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community events.

Violence and Terrorism in the Therapy Room 

Dealing with How Chaos and Trauma in the World Impact our Bodies, Psyches, and Clinical Practice


Living in modern society is increasingly an exercise in learning to navigate uncertainty and vulnerability. Words like mass shootings, active shooters, and terrorists have become part of our daily discourse. Stories of people inflicting harm on others headline the daily news with individuals increasingly perpetrating violence in spaces where, until recent years, safety was simply taken for granted. 

Shootings at movie theaters, holiday parties, concerts, schools, and Army bases; people killing police officers, police officers killing unarmed black men: each new act of violence erodes our sense of safety and security. The end result is an increased sense of vulnerability that leaves many of us on alert for when the next act of violence could occur and whether we may find ourselves or our loved ones in the crosshairs. 

The difficult thing is that violence and terrorism have become so common-place that we may have a difficult time processing and making sense of it. We may, at times, continue to operate without much acknowledgement or awareness of its impact on us and our clinical work. We know that unprocessed trauma and stress takes its toll on our mental health, both personally and collectively, and can impact our ability to connect with others. And yet it can be difficult to talk about this type of stress that has become a cultural norm when we have no model from which to draw upon.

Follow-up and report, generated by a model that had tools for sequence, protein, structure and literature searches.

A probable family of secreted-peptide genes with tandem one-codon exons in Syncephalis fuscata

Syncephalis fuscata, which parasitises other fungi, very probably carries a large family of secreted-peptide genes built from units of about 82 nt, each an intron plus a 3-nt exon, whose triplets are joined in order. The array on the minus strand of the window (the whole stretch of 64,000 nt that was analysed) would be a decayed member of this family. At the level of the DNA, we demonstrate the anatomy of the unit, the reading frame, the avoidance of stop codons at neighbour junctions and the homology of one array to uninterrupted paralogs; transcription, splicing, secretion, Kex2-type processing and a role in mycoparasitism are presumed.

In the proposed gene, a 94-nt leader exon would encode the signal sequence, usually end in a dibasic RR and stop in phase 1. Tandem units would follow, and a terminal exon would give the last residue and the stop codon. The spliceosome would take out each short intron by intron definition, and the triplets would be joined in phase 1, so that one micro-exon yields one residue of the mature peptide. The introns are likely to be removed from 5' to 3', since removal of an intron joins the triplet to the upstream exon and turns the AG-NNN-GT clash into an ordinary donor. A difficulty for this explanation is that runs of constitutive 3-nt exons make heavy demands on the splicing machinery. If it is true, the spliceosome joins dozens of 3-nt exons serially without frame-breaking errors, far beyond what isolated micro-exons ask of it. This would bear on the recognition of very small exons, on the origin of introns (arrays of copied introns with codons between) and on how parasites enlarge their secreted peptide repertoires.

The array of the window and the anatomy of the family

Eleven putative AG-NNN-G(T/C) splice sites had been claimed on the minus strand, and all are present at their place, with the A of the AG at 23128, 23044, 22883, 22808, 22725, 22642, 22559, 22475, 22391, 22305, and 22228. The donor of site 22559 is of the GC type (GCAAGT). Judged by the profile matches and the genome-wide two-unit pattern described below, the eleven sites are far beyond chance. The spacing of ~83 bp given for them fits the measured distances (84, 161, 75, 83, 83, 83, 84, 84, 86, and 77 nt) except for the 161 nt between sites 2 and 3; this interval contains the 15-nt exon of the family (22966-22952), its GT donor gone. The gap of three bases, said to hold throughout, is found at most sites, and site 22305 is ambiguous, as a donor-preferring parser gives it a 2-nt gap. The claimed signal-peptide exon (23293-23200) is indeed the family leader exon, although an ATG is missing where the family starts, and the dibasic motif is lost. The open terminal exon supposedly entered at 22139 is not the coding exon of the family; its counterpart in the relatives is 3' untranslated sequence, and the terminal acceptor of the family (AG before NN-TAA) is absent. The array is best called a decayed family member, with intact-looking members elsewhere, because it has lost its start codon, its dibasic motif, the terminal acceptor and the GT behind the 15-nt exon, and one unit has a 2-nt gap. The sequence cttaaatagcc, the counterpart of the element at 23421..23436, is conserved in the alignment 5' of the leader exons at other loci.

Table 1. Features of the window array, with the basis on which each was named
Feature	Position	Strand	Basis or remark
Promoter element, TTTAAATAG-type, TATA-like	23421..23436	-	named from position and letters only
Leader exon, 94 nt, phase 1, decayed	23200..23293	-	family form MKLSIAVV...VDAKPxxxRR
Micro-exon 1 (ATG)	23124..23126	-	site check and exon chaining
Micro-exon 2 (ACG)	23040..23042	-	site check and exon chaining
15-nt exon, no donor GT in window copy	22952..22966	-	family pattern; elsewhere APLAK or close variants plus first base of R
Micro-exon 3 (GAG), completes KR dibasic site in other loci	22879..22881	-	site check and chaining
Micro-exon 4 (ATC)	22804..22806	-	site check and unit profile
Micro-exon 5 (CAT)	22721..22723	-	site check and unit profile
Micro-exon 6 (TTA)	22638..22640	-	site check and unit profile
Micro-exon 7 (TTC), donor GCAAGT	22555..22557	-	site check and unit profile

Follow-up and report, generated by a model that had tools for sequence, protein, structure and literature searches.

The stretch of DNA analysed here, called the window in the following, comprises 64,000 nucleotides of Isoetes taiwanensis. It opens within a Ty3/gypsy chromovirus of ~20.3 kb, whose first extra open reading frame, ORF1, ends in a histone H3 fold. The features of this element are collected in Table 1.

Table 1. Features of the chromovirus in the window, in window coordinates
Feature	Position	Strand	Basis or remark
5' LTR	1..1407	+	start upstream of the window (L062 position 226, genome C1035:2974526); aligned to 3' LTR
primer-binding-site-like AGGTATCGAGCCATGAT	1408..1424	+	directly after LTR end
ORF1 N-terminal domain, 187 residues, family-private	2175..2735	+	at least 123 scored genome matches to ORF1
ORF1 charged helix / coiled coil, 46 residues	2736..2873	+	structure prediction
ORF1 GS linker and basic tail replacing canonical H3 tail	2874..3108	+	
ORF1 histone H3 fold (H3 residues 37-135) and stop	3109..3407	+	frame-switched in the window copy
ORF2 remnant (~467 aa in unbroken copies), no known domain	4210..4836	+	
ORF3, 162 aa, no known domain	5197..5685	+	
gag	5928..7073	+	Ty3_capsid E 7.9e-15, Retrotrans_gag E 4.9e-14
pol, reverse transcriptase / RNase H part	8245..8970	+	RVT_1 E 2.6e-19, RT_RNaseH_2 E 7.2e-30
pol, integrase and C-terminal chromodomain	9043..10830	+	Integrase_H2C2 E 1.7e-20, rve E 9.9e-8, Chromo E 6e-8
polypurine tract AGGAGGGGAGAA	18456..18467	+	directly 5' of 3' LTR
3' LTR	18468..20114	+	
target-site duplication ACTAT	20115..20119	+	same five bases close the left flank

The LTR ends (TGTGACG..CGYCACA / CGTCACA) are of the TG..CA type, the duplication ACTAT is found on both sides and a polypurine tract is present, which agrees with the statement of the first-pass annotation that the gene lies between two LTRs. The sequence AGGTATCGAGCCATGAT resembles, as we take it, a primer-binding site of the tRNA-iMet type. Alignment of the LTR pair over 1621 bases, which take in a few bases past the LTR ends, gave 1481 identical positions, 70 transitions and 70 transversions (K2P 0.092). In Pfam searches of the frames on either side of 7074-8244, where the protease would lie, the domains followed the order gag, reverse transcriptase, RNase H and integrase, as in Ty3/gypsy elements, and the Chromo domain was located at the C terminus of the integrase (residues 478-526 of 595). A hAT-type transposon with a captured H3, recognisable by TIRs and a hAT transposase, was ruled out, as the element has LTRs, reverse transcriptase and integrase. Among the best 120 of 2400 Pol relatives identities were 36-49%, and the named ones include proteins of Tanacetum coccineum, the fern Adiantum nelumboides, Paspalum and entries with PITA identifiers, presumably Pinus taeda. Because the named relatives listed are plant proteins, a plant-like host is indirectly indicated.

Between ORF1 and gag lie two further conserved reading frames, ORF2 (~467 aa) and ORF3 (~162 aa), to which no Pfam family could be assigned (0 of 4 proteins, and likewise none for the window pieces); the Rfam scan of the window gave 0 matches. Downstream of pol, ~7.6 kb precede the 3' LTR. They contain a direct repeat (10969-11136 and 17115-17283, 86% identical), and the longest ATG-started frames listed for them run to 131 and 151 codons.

Those of us in the healing professions are just as affected. The impact of a world full of fear and terror shows up in our own anxieties and heightened stress levels, and potentially our relationships with self, clients, and others. It is no longer just vicarious trauma with which we contend, we are exposed to trauma on societal and global levels on a daily basis, and so are our clients.

When we are feeling uncertain and vulnerable, the challenge we face is to move toward others rather than away, just as we encourage our clients to do. 

So we invite you to join together for an evening of reflection and connection within our professional community. We will explore and discuss the impact that the world’s traumatic events have on all of us and the unique burdens that we in the healing profession carry. We will look at strategies to help us cope while processing through these events. We will discuss how to continue supporting our clients in healing from their own personal traumas amidst a world that is increasingly traumatic for all of us.

This event took place March 1st and was the foundation for the later series - Addressing the Collective Trauma in Our Offices

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